We were lucky enough to catch up with Tim Hart from Boy and Bear, fresh of the announcement of a massive regional tour to talk, touring (obviously), Harlequin Dream and solo projects.
Lets take it back to the very beginning. How did boy and bear form?
Mate, I guess a few of us went to uni together, and we were playing in a few different bands in Sydney and all supporting each other. Then it started as Dave’s solo project and slowly each of us came on board and I joined on drums, and we started writing songs, and were like “We should be a band”. Then we recorded and released our first single and it just went from there.
You recently had a change to the arrangement of the group before recording this second album, how come?
Jakey, who is actually one of my best mates, decided that touring and the on the road life wasn’t for him. So he has moved on and is back at uni doing creative writing and doing really well. So he decided to call it quits for the second album and we have got a guy called Dave Symes in who has been wonderful since he joined. That has been over a year now and so it is a change of line-up, but to be honest it was really sad for us. You kind of just take it as you go, but he is doing really well now and is really happy, and we are working well with Symesy, and hopefully Symesy is with us for the duration of the band.
How do you go about finding a new member when you have already cemented yourself as a major band on the scene?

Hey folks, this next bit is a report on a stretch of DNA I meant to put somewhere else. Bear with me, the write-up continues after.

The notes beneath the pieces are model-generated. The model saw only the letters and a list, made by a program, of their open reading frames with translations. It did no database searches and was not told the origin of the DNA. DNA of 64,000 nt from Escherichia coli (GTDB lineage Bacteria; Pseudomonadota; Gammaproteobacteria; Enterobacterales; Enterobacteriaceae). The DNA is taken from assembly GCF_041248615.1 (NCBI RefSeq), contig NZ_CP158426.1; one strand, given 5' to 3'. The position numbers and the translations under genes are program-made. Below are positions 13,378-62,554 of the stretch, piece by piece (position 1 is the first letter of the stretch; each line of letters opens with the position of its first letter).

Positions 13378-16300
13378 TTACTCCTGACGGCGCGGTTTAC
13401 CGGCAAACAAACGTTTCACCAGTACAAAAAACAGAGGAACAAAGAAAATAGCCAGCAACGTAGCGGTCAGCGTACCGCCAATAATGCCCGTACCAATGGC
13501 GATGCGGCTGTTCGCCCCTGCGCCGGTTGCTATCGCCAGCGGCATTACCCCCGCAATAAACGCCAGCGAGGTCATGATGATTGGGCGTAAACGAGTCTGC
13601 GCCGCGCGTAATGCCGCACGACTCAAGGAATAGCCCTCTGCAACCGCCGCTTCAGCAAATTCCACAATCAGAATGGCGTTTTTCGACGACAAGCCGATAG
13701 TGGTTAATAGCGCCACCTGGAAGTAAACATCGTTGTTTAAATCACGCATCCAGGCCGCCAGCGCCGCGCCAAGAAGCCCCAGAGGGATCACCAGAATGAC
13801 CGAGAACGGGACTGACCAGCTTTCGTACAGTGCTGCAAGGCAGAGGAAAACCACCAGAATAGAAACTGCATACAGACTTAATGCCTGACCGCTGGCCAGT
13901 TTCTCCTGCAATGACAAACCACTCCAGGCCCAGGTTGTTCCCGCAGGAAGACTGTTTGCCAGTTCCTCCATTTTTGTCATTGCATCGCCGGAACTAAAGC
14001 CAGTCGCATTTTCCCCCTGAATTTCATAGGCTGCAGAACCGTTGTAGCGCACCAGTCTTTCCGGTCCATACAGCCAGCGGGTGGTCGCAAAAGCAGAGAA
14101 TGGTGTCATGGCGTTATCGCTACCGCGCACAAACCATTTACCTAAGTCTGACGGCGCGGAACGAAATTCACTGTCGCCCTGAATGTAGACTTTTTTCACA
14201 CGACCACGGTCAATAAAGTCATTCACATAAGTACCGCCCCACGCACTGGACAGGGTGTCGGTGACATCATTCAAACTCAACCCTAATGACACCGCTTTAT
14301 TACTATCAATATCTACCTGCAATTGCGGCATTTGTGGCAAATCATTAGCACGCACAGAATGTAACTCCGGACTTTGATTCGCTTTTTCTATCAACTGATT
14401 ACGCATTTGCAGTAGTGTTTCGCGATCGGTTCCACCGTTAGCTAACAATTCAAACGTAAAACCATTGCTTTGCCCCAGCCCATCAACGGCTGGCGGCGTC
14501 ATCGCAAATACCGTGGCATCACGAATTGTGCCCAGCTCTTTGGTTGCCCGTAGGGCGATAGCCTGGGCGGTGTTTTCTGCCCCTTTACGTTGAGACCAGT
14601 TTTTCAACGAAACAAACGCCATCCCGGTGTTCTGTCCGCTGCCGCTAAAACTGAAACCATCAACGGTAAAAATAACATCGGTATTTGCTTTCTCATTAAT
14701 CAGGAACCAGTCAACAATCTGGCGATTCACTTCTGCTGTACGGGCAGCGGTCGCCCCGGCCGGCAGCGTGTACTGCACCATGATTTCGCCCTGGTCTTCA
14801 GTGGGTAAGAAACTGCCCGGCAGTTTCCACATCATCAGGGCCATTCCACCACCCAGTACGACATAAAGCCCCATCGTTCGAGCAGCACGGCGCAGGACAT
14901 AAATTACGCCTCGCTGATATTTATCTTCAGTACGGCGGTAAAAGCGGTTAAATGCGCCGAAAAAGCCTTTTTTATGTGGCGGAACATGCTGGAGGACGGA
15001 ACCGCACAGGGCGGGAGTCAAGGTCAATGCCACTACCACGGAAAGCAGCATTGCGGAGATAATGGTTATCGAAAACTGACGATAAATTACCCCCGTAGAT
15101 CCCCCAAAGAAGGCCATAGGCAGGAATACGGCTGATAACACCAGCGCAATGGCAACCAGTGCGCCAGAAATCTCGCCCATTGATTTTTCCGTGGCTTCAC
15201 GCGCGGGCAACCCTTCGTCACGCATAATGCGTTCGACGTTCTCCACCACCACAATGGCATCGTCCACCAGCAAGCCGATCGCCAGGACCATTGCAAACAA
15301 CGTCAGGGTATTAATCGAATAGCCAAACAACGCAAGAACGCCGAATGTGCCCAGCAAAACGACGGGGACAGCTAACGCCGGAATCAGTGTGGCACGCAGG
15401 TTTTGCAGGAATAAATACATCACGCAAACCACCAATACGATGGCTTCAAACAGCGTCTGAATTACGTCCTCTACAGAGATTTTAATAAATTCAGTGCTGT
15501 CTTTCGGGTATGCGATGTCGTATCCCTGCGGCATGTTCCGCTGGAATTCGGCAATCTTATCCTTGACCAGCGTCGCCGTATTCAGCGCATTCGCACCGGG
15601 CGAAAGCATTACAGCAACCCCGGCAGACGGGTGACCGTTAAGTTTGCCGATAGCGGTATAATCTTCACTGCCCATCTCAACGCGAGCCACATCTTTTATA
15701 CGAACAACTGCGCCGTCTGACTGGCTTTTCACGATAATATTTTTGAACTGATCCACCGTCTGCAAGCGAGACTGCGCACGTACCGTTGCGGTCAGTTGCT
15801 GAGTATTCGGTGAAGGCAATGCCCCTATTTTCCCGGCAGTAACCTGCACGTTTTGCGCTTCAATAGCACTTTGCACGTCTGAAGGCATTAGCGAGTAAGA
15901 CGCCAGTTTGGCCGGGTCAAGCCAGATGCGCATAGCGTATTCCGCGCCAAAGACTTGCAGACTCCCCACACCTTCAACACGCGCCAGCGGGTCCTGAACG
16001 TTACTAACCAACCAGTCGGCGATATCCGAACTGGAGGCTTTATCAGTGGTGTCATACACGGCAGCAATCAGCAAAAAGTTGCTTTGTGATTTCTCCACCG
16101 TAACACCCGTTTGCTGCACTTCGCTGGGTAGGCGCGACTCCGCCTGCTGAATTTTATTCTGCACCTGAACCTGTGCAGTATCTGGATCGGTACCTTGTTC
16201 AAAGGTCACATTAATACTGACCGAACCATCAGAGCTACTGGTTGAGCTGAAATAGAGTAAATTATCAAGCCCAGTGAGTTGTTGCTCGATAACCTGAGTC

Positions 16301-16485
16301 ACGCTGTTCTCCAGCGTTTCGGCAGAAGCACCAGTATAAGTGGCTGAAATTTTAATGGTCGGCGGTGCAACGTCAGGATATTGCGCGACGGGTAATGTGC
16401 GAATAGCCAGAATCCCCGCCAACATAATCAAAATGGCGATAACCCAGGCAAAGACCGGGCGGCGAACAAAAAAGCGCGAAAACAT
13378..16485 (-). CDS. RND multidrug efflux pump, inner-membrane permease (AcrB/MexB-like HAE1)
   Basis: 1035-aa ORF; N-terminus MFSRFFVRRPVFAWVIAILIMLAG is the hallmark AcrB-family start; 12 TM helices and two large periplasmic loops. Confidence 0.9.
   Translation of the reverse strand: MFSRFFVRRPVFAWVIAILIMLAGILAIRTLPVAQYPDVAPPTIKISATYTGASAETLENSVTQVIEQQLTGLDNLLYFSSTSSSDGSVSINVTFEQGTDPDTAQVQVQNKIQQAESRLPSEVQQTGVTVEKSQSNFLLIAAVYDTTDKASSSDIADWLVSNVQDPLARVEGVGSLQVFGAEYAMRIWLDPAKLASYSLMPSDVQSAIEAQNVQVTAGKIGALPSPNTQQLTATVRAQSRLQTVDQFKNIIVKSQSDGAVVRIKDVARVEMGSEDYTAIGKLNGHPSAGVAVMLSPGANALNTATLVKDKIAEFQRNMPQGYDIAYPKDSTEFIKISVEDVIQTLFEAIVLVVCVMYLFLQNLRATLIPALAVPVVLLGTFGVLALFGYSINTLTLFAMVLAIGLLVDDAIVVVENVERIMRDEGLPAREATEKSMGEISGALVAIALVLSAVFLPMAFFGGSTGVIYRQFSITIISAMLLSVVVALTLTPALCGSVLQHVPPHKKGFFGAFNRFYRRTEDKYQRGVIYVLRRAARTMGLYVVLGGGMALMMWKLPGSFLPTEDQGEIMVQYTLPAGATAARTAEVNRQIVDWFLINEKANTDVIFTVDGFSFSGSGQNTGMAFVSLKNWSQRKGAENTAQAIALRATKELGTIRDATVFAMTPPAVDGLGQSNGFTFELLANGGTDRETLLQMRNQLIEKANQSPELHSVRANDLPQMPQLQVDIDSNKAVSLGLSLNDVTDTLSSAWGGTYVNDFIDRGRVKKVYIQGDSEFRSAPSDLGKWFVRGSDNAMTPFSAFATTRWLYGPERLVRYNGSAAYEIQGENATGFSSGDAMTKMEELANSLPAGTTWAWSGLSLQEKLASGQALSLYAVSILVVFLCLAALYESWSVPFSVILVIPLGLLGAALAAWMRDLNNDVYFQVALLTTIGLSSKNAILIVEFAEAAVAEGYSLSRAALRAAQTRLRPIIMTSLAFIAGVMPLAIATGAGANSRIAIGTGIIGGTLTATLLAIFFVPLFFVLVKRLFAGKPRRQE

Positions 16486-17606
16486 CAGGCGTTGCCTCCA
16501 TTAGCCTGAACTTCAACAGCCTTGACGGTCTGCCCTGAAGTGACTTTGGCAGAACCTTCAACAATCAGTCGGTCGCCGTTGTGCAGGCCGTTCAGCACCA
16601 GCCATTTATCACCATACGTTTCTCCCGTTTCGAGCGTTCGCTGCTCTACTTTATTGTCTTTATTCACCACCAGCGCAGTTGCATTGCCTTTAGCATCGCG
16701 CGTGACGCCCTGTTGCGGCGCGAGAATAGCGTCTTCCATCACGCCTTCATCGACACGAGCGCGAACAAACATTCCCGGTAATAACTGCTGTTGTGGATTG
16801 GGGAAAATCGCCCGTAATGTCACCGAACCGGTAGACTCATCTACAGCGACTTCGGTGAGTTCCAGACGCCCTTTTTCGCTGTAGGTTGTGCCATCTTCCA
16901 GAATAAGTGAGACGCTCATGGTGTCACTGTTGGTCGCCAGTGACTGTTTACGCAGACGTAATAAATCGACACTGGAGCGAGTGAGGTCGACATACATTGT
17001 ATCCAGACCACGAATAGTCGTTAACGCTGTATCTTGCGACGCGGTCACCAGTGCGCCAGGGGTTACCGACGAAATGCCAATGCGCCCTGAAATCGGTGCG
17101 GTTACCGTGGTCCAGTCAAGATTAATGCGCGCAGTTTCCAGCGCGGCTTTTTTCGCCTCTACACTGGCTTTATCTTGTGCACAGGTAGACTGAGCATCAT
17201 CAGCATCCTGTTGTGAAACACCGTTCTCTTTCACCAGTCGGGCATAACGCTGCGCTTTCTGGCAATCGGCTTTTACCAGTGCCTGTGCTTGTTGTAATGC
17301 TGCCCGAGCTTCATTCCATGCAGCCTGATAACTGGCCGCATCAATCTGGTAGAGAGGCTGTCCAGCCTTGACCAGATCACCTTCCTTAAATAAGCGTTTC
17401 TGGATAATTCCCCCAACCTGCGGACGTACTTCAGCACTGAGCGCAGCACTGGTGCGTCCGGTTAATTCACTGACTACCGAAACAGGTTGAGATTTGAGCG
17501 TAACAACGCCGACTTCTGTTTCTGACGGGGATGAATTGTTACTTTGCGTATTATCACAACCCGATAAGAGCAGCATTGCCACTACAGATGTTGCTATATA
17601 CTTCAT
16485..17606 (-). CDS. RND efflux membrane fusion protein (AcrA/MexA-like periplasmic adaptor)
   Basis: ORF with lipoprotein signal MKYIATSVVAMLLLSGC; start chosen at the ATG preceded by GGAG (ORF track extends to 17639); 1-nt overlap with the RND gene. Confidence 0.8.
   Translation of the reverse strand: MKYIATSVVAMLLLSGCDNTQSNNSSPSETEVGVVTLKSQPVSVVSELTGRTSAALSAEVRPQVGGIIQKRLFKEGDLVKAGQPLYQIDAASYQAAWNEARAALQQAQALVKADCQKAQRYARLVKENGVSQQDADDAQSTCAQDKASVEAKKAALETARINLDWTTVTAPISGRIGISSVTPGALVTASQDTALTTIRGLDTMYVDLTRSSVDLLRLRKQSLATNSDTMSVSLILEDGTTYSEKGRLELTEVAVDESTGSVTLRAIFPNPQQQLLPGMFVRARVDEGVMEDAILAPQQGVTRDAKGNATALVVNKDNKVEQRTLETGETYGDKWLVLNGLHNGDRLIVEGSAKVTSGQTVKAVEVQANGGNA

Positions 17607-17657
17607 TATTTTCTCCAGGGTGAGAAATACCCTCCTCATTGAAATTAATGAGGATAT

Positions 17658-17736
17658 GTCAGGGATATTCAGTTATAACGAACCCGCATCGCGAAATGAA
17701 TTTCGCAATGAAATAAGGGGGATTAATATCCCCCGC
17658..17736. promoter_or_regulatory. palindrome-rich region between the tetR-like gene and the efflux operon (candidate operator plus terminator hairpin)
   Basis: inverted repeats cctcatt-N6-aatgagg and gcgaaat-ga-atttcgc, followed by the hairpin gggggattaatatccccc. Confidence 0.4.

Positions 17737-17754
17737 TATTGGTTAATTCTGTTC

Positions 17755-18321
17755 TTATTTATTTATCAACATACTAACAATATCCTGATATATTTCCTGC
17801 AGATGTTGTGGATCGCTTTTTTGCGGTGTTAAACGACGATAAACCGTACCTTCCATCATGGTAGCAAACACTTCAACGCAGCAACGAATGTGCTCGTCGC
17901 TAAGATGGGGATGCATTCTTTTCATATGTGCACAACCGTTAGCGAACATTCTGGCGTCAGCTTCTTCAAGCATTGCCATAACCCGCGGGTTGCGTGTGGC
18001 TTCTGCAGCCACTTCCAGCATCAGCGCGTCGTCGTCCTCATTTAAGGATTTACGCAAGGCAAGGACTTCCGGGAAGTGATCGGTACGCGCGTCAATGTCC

I have no idea, we got lucky! We were really fortunate. He was a really big fan of what we were doing and he was already playing bass with Sarah Blasko. He just came in to fill in, and Sarah was stopping touring for a little while, so we made him an offer. He was really excited, and he’s just kind of jumped in the seat really. We didn’t actually have plans to replace Jake for a while, but then Symesy came along and he’s so talented he brings so much to the team. He has a fantastic sense of humour and just fits in with the boys so seamlessly, and is now just one of the boys.
Second Album dropped last year ‘Harlequin Dream’. I felt that it was a lot more folk based than ‘Moonfire’ was, how would you describe the sounds compared to the first album?
I reckon it’s got more pop structure songs. And when I say pop I don’t mean Lady Gaga, its more 70s pop channeling The Eagles and Fleetwood Mac and that sort of thing. And to be fair that’s what it’s being compared to. We just tried to write songs, like, it’s not like we are trying to re-invent the wheel, but hopefully it’s been well thought out, and we worked as hard as we can to produce them so they sound as good as they can. Hopefully it’s something that we can reproduce live. I just really love the sound on Harlequin Dream.
I saw you guys at the album launch and also at Splendour, and it sounded pretty good.
Thanks man, yeah that means a lot, we are pretty happy with the result. Hopefully you can catch us this tour.
A lot has been talked about the use of the saxophone on the album. How did you come around to incorporate that into the music?
I am quite proud to say that the thing that’s great about our record label is that they don’t get involved in that kind of stuff. They just kind of leave the musical stuff to us and let us do what we want to do. It was Dave Hosking’s idea and he said “I’ve got this idea, I know it’s a bit of a risk, what do you guys reckon”, and we were all like “Hell Yeah”. So we got Andy Bickens to come in, and he worked with Cold Chisel and is a lovely guy. He came in and he played it, and we were all in stiches laughing and we were like we have to do this, it has to be on the record. And you know it is a funny moment, but I love it, I can listen back to it and I really enjoy listening to it. He is just such a great player, and it is a bit of a risk, because people can be like that’s so lame. But I guess that’s the risk you take, but it seems to have paid off.